President Trump has warned German Chancellor Angela Merkel that he will not allow her to create an EU superstate – vowing to do everything in his power to prevent a “United States of Europe” from rising to power.
Trump’s pick for EU ambassador, Dr Ted Malloch, was chosen to deliver the warning to France and Germany, telling them that the creation of a Brussels superstate runs counter to American interests.
Express.co.uk reports: The Republican academic blasted the rest of Europe as “ungrateful” for the massive US support in rebuilding the continent after the war and said it was riven with “anti-Americanism”.
But in contrast he heaped praise on Britain, which is leaving the club, saying it shared the strongest ties with America and would be front of the queue for a trade deal.
Dr Malloch said the EU had “failed” and had to abandon its dreams of ever-closer union or collapse during a combative speech to the Open Europe think-tank in Brussels this afternoon.
New French president Emmanuel Macron is pushing for further integration of the eurozone including a centralised EU finance ministry and budget – a proposal which for the first time Germany is not openly opposing.
But Dr Malloch, who has no official capacity but is close to the Trump administration, warned the US would fiercely defend its interests against any increased “protectionism” from Europe.
He blasted: “The failure, frankly, of the present European integration project I think is becoming more and more self apparent.
“It’s something that Roosevelt or Churchill would have questioned and the EU has become some would argue more undemocratic, more bloated certainly by bureaucracy and more rampantly anti-American.
“The Trump administration is steadily making it clear that the US is not interested in the old form of European integration.
“In fact I think it’s trying to in some ways encourage a reversal of its accelerating path towards a protectionist United States of Europe.”
He raged: “This movement should be seen for what it is. It’s very harmful to US business interests, to US investment policy, to US security and it is categorised by over regulation, low growth, high unemployment, structural rigidity as its outcome.
“These are not policies that the US prefers the more I travel around Europe they’re not things that the Europeans want either.”
And in a warning shot to Mrs Merkel and Mr Macron he said the idea of a “euro government centralised in Brussels” was now detrimental to American’s economic and foreign policy interests.
He said: “The US should therefore definitively encourage more trade with Europe and make firm its opposition to any kind of federal Europe by saying a definite no to what some signal as a future Euro government, single government all powerful centralised in Brussels.”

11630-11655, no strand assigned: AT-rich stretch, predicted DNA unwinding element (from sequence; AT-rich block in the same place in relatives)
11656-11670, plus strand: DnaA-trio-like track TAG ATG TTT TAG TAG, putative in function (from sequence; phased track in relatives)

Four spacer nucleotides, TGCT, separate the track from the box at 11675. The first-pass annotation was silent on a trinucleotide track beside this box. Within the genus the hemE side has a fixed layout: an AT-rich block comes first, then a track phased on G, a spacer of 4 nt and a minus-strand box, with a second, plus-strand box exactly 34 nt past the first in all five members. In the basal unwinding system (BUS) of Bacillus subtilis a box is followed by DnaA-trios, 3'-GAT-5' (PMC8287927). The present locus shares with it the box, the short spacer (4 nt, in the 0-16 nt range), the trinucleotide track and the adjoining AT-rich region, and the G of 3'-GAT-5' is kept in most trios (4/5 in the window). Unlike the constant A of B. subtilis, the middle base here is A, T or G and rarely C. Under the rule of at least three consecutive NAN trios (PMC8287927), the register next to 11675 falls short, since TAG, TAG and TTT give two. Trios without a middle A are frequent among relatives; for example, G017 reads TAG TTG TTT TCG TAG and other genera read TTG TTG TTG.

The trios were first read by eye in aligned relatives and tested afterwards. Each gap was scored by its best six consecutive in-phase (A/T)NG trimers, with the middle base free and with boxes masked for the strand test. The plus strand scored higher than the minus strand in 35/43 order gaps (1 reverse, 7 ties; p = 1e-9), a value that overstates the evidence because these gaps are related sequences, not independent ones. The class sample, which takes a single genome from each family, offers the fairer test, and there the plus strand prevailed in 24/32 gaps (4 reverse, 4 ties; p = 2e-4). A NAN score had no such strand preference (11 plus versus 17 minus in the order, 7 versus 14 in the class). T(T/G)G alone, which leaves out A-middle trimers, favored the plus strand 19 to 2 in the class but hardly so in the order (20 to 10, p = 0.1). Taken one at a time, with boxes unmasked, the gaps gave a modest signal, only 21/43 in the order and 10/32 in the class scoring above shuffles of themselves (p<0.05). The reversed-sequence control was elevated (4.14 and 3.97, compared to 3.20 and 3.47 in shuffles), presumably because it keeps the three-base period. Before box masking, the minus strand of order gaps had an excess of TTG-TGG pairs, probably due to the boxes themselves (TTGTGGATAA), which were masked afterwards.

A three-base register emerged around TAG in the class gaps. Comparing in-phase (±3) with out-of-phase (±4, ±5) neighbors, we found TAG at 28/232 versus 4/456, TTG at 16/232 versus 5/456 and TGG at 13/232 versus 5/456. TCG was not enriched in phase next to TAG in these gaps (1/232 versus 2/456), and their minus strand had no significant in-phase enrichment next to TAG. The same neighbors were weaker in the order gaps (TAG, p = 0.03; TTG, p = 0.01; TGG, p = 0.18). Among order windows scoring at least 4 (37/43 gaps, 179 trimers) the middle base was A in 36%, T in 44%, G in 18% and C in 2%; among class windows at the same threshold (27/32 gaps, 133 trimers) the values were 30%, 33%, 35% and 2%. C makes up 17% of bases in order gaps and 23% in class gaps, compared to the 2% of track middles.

Dr Malloch insisted Mr Trump wanted Europe “to succeed” and insisted the US did not want to see the bloc collapse, but also said Brexit had shown the project was “weak” and other countries could leave.
In contrast he had extremely warm words for Britain following its decision to leave the club, which the academic said could lead to a new trans-Atlantic balance of power centred on the US and the UK.
He said: “No one wants Europe to fail. No one wants it to collapse. I certainly don’t want it to disintegrate and I don’t think it will.
“But we do know that the US and the UK, at least from a historical or political economy perspective, are different from Europe, have different notions of accountability.
“Some of the European continent have different notions of accountability and democracy, so should the US continue to promote a European model that is under question, which is alien to our own traditions?”
In a thumping attack on eurocrats, he blasted: “The cure to Europe’s calamities, I believe, is genuine democracy.
“Government by the people, not by unelected bureaucrats parading as experts. Members of the EU Commission are not elected – they are unaccountable to any parliament.
“Such a globalist elite and its attendant superstructure is detached from the people and therefore entirely anti-European.”
In his controversial speech Dr Malloch also accused mainland Europe of being “so ungrateful” for the US’ contribution to its redevelopment after the war and said that “anti-Americanism still abounds in Europe today”.
He claimed that the EU Commission deliberately targets American companies with its trade policies to lock them out of the market and attacked the Common Agricultural Policy (CAP) for distorting world trade.
Asking why so many European leader dislike America, he said: “The answer is I think in part European resentment of American power. Anti-Americanism is not an abstract idea in Europe.
“I’ve seen it up close and personal, I’ve also seen it in its universities. It’s not confined to the leftist usual suspects, it influences much of European culture and policy making I hope it does not affect the future of the EU because that would be detrimental.”
Dr Malloch concluded by insisting good relations between the US and Europe were still “essential” but said Mr Trump would look to deal on a bi-lateral basis with individual countries in future.
The academic said a return to a community of nation states was the only way to save the bloc from extinction, but such a strategy is sure to be resisted first and foremost by Mrs Merkel.
Referring to the idea of an “ethic for the nation state”, he advised: “This is where Europe should look for answers, not through a project of further integration but back to those nation states.
“The US interaction with Europe is changing and I think it will continue to be reevaluated and to evolve. It is very much a different world and one that Trump will help to forge.”